In Chapter 4, Lapoujade develops the connection between the 3 syntheses of time and Deleuze’s reformulation of Kant’s Critique of Pure Reason. The first synthesis corresponds to aesthetics as the theory of the sensible, which is engendered by difference of intensity. The second synthesis corresponds to the analytic of the object. However, the object is now determined by a virtual object, which is not exhausted by its particular existence in an actual form. The third synthesis corresponds to the dialectic as the theory of the Idea. The Idea being the other side of reality that constitutes objects, but cannot be given empirically or conceived objectively (113, 125). The idea is therefore that which can only be sensed, and by being sensed it forces us to think. According to Lapoujade, this relationship between the sensible (aesthetic) and thought (the Idea) is what characterizes Deleuze’s transcendental empiricism. This union between the aesthetic and the dialectic occurs when the faculties are violently taken to their limit, breaking away from common sense and opening up into the dimensions of the Idea.

The process of the expression of the Idea in bodies is the process of individuation. This is the process that relates the aesthetic and the dialectic, where differences of intensity in the Idea determine its actualization. In order to understand how the Idea also affects thought, Lapoujade dedicates Chapter 5 to the notion of sense. Lapoujade begins by relating Deleuze’s division between the aesthetic and the dialectic to the division between bodies and incorporeal entities in The Logic of Sense. The role of sense is to connect these two domains by articulating their difference: ‘sense is what is said of bodies’ (132). However, for Deleuze sense should not be reduced to the dimensions of the proposition, since there is always something outside the proposition that cannot be expressed (nonsense). This excess turns out to be productive, just as aberrant movements distribute being, nonsense distribute sense.

After Deleuze’s collaboration with Guattari, there is a shift from sense to usage that Lapoujade explores in Chapter 6. While the Logic of Sense posited the structural principle of nonsense in order to get to the genesis of sense in language, in Anti-Oedipus we move away from the question of meaning into the question of usage. This question is no longer related to language and signification, but to the production of different social formations. The starting point is desire, something that passes through the body and its organs making it function through organising it and producing the unconscious (which is connected to the social field). The problem of societies is therefore to bind unconscious production to social production, for example, to the expansion of capital. However, desire also holds the power to disorganise the social body. The body without organs is created when the intensive quantity of desire distributes the organs and social formations differently, unlinking their connections (160).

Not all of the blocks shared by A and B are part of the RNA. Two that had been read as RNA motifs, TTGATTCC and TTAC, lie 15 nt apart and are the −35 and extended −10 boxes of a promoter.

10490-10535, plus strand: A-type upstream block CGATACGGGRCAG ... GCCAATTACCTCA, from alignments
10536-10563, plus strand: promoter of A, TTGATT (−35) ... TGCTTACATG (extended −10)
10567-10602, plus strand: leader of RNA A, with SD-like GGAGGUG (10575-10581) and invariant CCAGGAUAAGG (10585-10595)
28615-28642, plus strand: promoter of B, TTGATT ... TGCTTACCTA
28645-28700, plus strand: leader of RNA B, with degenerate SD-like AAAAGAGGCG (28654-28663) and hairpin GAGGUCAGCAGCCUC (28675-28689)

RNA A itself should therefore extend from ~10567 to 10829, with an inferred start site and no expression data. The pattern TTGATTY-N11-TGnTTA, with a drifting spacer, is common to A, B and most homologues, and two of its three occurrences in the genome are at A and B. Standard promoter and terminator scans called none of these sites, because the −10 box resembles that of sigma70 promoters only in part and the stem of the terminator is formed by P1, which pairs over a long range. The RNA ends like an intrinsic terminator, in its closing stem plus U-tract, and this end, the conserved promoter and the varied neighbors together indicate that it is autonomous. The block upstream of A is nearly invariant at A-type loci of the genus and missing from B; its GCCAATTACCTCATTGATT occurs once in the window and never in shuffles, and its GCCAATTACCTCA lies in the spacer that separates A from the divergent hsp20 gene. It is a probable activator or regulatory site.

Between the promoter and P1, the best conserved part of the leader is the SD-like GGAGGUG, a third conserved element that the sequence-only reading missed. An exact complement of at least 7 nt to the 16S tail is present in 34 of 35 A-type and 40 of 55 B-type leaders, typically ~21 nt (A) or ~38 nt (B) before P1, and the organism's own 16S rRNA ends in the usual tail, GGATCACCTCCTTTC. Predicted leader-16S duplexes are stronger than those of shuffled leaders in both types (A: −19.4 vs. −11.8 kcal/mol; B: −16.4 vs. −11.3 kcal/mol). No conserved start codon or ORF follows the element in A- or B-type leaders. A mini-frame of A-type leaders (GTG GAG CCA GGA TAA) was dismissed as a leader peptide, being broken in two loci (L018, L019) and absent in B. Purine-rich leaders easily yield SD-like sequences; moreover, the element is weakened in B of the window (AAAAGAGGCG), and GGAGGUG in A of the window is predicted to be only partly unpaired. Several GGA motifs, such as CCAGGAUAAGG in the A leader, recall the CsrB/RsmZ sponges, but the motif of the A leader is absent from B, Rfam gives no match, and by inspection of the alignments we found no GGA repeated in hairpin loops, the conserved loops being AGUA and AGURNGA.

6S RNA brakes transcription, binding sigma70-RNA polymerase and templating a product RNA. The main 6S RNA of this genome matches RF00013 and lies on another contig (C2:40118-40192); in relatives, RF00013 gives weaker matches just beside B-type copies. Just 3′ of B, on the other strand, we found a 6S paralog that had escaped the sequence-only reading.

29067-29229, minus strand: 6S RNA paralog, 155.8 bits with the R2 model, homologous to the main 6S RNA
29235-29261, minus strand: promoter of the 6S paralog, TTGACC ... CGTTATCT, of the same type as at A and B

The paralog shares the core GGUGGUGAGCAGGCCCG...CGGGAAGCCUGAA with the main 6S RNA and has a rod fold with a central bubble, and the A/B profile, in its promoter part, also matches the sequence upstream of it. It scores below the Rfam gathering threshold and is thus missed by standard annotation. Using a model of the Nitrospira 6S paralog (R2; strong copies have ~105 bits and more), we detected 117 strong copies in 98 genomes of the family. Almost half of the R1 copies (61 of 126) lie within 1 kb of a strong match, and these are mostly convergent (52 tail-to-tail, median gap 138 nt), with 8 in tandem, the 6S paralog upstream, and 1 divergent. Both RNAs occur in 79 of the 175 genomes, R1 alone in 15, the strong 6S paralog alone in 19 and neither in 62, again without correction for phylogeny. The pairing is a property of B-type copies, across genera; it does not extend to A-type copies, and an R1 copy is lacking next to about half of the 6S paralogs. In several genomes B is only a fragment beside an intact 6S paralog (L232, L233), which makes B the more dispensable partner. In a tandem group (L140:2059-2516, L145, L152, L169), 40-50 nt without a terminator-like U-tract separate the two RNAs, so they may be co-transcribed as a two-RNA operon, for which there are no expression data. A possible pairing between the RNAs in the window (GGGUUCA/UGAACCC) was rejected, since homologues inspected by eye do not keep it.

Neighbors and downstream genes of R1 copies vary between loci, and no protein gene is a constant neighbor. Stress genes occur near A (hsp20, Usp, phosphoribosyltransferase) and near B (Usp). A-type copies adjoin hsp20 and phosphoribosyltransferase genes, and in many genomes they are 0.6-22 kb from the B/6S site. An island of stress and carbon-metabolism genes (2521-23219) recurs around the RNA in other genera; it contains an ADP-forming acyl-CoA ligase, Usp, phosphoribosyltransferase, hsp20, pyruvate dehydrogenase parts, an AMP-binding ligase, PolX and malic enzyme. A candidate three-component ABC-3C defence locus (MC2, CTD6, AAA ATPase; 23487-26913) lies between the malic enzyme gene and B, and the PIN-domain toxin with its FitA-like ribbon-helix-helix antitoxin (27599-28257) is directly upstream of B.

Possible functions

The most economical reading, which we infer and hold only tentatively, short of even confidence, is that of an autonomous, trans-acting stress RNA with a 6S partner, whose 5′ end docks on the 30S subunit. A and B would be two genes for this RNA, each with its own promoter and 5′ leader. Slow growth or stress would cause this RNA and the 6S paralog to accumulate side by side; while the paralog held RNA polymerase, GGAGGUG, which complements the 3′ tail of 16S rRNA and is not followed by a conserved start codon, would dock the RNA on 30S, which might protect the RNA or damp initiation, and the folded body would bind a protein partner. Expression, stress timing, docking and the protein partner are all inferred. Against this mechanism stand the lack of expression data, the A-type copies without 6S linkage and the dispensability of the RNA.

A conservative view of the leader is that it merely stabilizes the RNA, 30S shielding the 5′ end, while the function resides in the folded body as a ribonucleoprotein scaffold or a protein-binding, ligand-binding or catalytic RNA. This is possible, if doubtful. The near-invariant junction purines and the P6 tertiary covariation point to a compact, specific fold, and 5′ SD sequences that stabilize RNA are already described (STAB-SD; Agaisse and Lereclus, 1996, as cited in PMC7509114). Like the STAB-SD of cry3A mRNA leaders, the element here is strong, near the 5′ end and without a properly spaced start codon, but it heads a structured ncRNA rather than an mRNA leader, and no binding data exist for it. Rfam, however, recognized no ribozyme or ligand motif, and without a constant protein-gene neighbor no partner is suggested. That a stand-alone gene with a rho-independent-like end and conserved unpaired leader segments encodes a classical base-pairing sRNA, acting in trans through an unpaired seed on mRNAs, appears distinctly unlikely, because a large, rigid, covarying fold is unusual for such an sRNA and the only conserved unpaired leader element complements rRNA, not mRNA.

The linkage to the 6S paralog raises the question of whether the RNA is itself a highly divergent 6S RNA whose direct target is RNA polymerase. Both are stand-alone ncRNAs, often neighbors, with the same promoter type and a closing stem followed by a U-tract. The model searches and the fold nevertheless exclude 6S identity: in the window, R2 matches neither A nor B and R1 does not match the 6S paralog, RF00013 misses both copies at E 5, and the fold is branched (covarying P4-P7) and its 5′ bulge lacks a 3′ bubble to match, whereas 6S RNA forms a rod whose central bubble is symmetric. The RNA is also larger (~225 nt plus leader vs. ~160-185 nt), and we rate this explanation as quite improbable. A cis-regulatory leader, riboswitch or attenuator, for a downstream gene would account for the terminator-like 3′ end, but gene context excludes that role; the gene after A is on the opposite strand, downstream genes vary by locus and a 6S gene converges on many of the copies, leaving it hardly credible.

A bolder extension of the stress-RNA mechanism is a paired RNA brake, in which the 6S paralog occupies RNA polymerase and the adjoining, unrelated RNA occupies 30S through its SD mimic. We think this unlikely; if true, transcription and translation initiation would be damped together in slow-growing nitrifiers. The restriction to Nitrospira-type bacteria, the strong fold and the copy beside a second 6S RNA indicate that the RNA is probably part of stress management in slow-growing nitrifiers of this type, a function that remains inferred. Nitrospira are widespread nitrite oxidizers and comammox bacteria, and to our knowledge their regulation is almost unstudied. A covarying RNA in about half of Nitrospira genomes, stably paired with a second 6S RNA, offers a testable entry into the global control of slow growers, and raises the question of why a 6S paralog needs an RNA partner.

Chapter 7 introduces the shift from desiring-machines in Anti-Oedipus to the machinic assemblages of A Thousand Plateaus. Here the plane is made of multiplicities that populate groundlessness and can assemble themselves in infinite ways (199). The assemblage brings together two different orders: the machinic assemblage of bodies and the semiotic assemblage of signs (which correspond to the distinction between bodies and the incorporeal in The Logic of Sense) (209). However, the relation between this two orders is only one dimension of the assemblage. The second dimension, the dimension of the abstract machine, is made of intensive variations that push language to its limit and disorganise bodies (230). There is a constant struggle between the movement that links multiplicities together creating the earth and aberrant movements that free multiplicities up. In Chapter 8 this struggle is waged between the state apparatus and the nomadic war machine. While the war machine destroys everything that prevents it from deterritorializing, the state tries to appropriate the power of the war machine to install its power and capture the earth (258-259).

In Chapter 9 Lapoujade recognises the asymmetry of this struggle based on his analysis of how the earth is almost totally occupied by the State apparatuses (278). The problem located here is that we are caught in assemblages where the visible and the sayable control one another, something that according to Lapoujade, makes the struggle of minorities imperceptible (271-273). Therefore, the problem of political struggle is not only limited to opposing stratification. It also involves challenging the self-evidence of cliches and making exist what has no right to exist (279-280). As Lapoujade explains in Chapter 10, the struggle is about no longer seeing the same things, and no longer speaking in the same way (308).

To conclude, for Lapoujade the key element of Deleuze’s philosophy of aberrant movements is the problem of limits. However, limits are no longer that which separate and exclude aspects such as the subrepresentative, non-sense, the unknowable, the unsayable and the invisible, as we have seen (312). The limit is rather understood as the paradoxical point where an impossibility leads us to action: the unthought of thought in Difference and Repetition, or the schizophrenic who crosses the limit fixed by the law in Anti-Oedipus. The limit holds the generative power of the outside, which is capable of bringing new populations into existence. The question posed by Lapoujade is: ‘Will the war machine destroy us or will it destroy the limits that subject and enslave us?’ (319)

23 August 2019


  • Gilles Deleuze 1990 The Logic of Sense trans. Mark Lester and Charles Stivale, London: The Athlone Press)
  • Gilles Deleuze 2001 Difference and Repetition trans. Paul Patton, London: Continuum.
  • Gilles Deleuze and Félix Guattari 2000 Anti-Oedipus trans. Robert Hurley, Mark Seem and Helen R. Lane, Minneapolis: University of Minnesota Press.
  • Gilles Deleuze and Félix Guattari 2005 A Thousand Plateaus trans. Brian Massumi, Minneapolis: University of Minnesota Press.
  • Immanuel Kant 1998 Critique of Pure Reason trans. Paul Guyer and Allen W. Wood, Cambridge: Cambridge University Press.